Early identification of a condition may sometimes prove to be life-saving for certain individuals. Now researchers at the University of Leeds claim to be working on a revolutionary cardiac scanner that may allow earlier diagnosis. The device has been designed to considerably enhance the method of diagnosing heart conditions.
This portable magnetometer apparently shows unprecedented sensitivity to magnetic fluctuations. This should enable it to detect a wide range of conditions counting heart problems in fetuses. The highlight of the device is its seeming ability to diagnose conditions earlier than present diagnostic techniques like ultrasound, ECG and existing cardiac magnetometers.
Anticipated to be smaller and also simpler to operate, the device should allow users to garner more information. It is also expected to be cheaper than other currently available devices. In addition to this, the device for the first time will be handled by skilled nurses as well as doctors. Giving them the ability to carry out heart scans, it should take off the pressure on hospital waiting lists.
Supposedly functioning through clothes, it will cut the time needed to perform scans and also eliminate the need for patients to undress for an examination. Besides, its portability factor will allow it to be taken out to a patient’s home as well.
“The new system gets round previous difficulties by putting the actual detector in its own magnetic shield,” mentioned Professor Ben Varcoe who is leading the research team. “The sensor placed over the area being examined lives outside the shielded area and transmits signals into the detector. The sensor head is made up of a series of coils that cancel out unwanted signals and amplifies the signals that are needed. So the tiny magnetic fields produced by a person’s heart can be transmitted into the heavily shielded environment. What we’ve been able to do is combine existing technology from the areas of atomic physics and medical physics in a completely unique way.”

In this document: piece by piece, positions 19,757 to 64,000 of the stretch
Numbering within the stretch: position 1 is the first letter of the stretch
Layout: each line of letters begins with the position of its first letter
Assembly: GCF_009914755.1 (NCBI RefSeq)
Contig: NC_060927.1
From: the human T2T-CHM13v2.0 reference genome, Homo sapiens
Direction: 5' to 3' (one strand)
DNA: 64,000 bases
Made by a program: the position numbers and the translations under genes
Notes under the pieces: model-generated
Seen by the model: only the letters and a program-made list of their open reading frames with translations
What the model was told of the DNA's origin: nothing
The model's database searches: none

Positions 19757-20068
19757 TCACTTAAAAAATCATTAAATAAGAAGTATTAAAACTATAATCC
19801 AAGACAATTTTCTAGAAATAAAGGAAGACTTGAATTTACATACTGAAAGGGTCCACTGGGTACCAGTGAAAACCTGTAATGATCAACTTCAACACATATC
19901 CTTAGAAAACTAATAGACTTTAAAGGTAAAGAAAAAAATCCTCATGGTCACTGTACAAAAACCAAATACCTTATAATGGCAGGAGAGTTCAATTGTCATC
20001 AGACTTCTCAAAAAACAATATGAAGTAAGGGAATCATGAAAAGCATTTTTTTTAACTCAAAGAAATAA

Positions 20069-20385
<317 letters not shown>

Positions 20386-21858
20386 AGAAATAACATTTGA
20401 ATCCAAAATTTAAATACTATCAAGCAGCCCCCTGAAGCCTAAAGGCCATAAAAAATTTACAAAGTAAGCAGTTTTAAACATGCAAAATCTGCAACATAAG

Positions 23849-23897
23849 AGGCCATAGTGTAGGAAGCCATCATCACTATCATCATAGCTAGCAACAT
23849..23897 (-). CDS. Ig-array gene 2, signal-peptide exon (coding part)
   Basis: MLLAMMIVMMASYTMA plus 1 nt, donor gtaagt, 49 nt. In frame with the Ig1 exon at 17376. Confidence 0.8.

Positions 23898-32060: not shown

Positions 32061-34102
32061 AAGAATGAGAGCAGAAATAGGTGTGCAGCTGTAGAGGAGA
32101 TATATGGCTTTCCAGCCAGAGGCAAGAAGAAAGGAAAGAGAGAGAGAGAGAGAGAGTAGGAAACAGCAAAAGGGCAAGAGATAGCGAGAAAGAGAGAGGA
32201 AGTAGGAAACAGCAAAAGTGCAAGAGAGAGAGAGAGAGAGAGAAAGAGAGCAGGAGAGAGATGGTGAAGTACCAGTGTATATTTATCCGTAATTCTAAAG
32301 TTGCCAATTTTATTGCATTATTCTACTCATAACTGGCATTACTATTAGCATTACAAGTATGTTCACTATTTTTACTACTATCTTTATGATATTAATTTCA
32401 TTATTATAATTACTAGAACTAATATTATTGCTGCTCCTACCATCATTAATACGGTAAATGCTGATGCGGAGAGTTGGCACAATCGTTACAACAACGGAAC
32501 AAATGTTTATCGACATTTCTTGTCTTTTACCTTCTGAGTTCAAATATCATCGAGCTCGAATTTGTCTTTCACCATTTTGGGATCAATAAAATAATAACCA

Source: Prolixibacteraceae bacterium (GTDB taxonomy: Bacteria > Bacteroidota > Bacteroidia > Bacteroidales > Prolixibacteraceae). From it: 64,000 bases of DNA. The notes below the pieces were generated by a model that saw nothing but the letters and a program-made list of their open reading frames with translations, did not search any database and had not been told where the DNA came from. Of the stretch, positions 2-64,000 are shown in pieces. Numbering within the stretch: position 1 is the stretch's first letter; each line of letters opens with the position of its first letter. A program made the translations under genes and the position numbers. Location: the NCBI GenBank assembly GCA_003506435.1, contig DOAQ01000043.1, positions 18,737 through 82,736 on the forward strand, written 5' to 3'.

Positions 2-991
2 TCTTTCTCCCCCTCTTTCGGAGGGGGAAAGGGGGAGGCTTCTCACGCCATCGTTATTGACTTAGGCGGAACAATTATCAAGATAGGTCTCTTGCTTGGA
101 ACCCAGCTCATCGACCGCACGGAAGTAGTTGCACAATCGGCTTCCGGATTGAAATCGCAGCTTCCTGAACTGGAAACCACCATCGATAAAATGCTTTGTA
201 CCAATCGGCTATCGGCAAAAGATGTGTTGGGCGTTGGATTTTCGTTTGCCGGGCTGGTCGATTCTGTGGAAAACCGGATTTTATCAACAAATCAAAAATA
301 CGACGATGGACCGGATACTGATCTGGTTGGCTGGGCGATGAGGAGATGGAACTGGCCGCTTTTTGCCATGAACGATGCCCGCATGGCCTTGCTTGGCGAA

“Early detection of heart conditions improves the prospects for successful treatment. This system will also quickly identify people who need immediate treatment,” shares Professor Varcoe. “But our device won’t just benefit patients – it will also help ease the strain on healthcare resources and hospital waiting lists.”
Experts associated with this research suggest that the device is capable of revealing even tiny variations in the heart’s own distinctive magnetic ‘signature’. Analyzing these variations should allow them to further identify the presence of a cardiac condition. For widespread medical use, the team is looking at miniaturizing the magnetometer.
In around three years, the device could be ready for use in routine diagnosis.